Laying the everyday experience of Black life in 1950s America against Cthulhuian nightmares, Misha Green and Jordan Peele's Lovecraft Country suggests intriguing parallels that are often lost in its narrative dead-ends.
Hollywood is increasing Black representation but Damon Lindelof and Jordan Peele challenge audiences to question the authenticity of this system.
The first five episodes of The Twilight Zone (2019-) developed by Jordan Peele, Simon Kinberg and Marco Ramirez, vary wildly in quality, but even the best of the bunch lack nuance and bite.
The budding auteur's follow up to Get Out, Us, is murkier than its predecessor but features a treasure trove of potent references to keep its ambitious premise afloat.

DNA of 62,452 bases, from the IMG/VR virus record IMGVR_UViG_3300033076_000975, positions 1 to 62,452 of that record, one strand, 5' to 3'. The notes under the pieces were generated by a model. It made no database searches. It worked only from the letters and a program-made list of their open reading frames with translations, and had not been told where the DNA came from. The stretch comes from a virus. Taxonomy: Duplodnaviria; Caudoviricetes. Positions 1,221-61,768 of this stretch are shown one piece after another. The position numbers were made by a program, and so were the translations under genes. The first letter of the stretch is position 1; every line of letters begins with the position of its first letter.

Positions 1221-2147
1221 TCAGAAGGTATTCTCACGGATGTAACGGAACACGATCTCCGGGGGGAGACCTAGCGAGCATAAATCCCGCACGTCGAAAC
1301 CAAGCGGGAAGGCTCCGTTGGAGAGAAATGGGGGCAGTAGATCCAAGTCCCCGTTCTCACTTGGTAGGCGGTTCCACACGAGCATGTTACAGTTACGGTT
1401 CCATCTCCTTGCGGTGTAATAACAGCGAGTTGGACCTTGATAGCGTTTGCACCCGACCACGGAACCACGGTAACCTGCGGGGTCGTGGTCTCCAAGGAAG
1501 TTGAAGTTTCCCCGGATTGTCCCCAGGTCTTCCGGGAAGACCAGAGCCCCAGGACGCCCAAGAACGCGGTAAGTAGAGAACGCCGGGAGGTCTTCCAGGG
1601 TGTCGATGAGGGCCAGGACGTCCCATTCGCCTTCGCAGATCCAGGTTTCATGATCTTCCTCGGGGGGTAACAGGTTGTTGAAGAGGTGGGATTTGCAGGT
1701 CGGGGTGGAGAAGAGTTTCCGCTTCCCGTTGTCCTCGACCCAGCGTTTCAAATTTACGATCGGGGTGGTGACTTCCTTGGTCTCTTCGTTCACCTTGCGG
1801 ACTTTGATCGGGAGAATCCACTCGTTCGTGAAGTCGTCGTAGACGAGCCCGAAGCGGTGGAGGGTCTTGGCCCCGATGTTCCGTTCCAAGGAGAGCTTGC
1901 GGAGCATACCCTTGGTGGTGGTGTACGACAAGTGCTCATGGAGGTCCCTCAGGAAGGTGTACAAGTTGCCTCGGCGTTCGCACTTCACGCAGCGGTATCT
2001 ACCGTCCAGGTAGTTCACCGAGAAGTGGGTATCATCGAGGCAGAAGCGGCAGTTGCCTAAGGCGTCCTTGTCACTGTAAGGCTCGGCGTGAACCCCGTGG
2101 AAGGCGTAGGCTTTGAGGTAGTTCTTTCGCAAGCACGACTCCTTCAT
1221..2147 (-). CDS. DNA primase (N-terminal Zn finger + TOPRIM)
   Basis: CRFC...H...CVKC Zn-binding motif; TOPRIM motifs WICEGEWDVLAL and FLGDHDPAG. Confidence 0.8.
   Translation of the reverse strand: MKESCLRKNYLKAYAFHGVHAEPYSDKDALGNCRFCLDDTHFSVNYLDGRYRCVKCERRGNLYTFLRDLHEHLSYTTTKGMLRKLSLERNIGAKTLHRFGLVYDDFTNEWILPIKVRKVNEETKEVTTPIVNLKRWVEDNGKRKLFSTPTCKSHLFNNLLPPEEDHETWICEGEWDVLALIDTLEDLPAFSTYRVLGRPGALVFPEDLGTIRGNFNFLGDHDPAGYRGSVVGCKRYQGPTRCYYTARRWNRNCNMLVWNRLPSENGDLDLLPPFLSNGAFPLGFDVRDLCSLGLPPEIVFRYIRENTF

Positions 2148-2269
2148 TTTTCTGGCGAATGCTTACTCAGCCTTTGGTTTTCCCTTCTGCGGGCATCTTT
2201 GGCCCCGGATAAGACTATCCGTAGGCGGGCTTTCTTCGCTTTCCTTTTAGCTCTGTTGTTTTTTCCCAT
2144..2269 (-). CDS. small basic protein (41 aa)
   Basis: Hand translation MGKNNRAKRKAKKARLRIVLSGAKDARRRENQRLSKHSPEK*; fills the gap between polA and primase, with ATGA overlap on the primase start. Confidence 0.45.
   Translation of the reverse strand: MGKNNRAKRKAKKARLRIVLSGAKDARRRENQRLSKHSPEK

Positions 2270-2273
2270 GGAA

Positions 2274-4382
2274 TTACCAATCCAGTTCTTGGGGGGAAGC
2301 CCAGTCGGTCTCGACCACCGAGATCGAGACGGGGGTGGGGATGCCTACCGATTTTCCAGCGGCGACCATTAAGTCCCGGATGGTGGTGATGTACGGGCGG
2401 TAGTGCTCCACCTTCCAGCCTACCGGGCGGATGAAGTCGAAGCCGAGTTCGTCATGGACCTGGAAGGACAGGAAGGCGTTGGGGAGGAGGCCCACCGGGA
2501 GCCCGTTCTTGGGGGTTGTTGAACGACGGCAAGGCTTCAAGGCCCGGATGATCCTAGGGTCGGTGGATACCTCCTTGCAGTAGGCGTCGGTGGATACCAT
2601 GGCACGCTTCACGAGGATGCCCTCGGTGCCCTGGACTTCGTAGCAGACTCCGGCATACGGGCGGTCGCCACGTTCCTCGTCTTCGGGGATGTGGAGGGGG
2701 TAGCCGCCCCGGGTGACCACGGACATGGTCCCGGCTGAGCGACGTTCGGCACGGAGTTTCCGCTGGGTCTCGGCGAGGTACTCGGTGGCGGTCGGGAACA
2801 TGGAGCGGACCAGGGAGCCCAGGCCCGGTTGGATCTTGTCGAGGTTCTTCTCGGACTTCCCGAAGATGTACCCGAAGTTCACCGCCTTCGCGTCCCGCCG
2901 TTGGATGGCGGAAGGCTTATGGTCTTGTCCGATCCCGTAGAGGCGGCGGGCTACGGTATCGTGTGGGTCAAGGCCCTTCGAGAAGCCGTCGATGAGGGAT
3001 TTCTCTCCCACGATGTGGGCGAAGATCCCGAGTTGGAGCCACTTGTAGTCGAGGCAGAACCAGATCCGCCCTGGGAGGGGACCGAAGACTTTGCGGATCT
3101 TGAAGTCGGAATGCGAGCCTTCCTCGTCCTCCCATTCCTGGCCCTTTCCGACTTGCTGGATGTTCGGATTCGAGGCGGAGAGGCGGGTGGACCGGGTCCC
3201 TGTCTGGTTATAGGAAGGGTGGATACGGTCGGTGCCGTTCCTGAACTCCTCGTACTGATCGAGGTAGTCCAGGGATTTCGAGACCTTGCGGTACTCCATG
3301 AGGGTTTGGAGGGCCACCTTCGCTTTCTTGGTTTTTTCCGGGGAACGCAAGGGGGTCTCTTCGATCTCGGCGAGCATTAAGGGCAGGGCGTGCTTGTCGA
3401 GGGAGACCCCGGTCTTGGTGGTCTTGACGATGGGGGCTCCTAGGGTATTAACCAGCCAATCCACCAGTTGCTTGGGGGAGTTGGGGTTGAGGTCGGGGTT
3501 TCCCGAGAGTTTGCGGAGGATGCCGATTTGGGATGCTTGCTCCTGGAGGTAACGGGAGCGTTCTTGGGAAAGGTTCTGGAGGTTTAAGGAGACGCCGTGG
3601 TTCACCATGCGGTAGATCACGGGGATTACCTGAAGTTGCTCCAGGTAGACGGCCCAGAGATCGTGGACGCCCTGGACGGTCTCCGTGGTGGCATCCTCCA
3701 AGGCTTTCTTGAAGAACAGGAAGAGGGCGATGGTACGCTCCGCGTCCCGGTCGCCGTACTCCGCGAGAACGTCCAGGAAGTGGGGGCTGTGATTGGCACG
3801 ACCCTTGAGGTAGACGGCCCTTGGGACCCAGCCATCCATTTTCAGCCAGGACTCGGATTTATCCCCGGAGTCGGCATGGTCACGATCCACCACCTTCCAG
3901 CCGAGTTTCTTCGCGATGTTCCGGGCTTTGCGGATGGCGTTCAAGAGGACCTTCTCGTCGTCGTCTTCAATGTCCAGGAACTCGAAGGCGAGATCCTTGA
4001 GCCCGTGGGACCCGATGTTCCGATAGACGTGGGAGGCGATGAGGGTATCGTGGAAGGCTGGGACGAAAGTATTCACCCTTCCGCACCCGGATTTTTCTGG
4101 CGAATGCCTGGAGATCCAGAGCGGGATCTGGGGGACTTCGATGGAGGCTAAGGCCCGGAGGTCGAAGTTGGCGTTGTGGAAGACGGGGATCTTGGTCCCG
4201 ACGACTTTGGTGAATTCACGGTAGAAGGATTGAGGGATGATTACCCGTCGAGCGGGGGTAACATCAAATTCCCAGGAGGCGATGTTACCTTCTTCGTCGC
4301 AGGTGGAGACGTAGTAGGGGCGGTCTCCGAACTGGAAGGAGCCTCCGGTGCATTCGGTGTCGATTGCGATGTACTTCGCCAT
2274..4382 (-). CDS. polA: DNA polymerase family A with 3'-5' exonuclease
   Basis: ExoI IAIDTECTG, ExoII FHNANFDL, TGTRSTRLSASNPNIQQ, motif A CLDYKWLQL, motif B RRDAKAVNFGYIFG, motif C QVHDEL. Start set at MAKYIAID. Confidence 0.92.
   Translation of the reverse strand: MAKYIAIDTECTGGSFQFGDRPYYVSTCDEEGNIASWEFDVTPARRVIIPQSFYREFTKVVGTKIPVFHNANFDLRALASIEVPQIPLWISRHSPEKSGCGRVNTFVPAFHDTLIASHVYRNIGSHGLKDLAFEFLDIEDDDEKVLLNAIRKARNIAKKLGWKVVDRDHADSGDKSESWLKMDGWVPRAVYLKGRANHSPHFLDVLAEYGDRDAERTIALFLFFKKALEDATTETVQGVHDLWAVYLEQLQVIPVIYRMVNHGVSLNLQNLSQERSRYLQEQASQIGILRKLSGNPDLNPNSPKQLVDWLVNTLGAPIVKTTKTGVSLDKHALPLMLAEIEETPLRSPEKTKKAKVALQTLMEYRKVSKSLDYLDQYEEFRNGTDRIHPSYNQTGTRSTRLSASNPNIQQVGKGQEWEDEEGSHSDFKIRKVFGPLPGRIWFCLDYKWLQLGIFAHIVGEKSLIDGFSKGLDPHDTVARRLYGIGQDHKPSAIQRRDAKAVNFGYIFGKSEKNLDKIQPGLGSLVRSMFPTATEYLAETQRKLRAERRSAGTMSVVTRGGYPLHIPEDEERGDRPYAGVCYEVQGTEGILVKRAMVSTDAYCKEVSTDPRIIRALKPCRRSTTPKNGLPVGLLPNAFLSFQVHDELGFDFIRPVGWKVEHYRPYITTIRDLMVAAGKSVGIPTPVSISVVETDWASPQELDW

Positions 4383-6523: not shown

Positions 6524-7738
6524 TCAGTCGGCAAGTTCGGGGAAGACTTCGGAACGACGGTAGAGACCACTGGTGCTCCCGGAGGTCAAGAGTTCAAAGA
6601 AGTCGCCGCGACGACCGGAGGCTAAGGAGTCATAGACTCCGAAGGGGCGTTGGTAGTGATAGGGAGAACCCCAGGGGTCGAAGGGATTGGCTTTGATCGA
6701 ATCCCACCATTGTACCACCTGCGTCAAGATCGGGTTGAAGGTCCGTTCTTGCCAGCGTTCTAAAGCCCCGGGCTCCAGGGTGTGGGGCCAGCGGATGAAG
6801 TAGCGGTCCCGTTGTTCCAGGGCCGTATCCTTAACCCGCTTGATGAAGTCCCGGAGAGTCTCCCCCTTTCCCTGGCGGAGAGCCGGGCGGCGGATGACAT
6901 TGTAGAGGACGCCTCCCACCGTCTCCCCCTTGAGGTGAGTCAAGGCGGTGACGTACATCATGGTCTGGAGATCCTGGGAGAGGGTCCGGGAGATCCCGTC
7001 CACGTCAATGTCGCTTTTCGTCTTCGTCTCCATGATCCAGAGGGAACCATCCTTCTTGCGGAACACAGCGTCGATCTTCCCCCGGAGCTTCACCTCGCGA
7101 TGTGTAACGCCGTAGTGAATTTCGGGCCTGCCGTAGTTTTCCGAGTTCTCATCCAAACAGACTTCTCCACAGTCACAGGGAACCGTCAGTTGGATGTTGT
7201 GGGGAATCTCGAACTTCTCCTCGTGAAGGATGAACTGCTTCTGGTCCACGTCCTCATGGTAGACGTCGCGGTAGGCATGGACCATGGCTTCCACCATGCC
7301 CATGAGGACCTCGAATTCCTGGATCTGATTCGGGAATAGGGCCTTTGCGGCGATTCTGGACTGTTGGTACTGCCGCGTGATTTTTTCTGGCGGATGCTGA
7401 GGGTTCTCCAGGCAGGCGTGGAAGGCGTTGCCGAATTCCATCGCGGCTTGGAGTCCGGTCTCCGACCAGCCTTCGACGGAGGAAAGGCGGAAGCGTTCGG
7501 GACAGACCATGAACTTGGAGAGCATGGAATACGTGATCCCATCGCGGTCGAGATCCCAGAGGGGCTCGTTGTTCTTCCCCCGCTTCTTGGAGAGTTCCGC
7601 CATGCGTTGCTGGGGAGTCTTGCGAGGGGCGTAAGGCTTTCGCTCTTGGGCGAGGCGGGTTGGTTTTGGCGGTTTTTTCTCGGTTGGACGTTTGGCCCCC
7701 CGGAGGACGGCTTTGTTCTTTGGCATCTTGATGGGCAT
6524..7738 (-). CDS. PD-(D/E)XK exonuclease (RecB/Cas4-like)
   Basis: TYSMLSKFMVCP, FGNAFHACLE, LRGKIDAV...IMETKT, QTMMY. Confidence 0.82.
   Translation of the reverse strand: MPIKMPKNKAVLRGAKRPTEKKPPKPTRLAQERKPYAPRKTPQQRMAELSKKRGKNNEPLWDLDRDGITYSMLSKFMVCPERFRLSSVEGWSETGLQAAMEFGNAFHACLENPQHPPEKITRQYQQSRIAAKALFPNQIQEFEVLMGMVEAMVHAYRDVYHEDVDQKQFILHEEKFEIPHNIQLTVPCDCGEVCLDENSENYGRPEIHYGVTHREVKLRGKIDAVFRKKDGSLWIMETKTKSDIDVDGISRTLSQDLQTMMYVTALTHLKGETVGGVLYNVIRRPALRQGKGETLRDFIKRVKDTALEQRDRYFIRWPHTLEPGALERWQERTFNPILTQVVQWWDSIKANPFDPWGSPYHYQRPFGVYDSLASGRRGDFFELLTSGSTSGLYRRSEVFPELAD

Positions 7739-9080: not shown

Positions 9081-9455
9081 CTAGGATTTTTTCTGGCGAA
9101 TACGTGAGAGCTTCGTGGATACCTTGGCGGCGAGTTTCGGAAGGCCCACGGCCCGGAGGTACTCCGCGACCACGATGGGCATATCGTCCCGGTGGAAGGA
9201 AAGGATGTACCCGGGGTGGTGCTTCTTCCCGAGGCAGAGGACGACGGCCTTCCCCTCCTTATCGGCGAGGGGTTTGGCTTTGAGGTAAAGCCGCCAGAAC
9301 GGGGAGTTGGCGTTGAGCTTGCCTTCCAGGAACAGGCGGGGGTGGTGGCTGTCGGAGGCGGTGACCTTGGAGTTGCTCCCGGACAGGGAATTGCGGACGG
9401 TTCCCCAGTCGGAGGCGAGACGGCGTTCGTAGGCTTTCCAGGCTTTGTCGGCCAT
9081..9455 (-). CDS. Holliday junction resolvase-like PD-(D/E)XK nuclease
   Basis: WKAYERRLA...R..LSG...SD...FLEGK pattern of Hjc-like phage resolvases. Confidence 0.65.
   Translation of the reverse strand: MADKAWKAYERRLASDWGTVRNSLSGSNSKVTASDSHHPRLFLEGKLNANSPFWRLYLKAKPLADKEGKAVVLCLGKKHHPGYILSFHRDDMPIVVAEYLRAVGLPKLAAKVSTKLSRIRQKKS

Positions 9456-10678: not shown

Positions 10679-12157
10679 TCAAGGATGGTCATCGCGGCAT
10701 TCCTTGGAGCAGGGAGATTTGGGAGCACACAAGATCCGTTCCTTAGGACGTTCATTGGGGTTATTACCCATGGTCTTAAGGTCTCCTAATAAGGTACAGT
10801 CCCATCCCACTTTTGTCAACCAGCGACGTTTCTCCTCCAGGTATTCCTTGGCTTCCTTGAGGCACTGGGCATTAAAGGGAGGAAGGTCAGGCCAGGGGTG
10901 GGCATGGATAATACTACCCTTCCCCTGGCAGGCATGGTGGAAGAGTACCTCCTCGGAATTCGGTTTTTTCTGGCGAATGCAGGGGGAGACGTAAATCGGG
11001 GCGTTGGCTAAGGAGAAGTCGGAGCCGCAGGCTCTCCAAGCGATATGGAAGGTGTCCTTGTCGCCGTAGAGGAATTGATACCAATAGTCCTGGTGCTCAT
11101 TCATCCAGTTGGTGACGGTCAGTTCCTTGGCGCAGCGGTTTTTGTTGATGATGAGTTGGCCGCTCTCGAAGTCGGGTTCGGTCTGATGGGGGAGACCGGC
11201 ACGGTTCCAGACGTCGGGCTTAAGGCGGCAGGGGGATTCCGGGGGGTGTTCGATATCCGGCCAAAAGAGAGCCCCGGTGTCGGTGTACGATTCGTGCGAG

At its best Jordan Peele's Us shows that when a society subjugates and marginalizes huge swathes of its population, it is doomed to devour itself from within.
Jordan Peele's home invasion thriller, Us, in which a family is threatened by their doppelgänger, relies on a clutch of jaw-dropper reveals but also a creeping sense of universal guilt.
Get Out's Sunken Place is not at a distant location -- it subsists and persists in the here and now. Kanye West, Kim Kardashian and Bill Cosby should know this.
With the Academy Awards upon us, the Flipside examines whether the world's biggest platform for movie recognition might actually get it right this year, and avoid any, let's say, giant televised mishaps.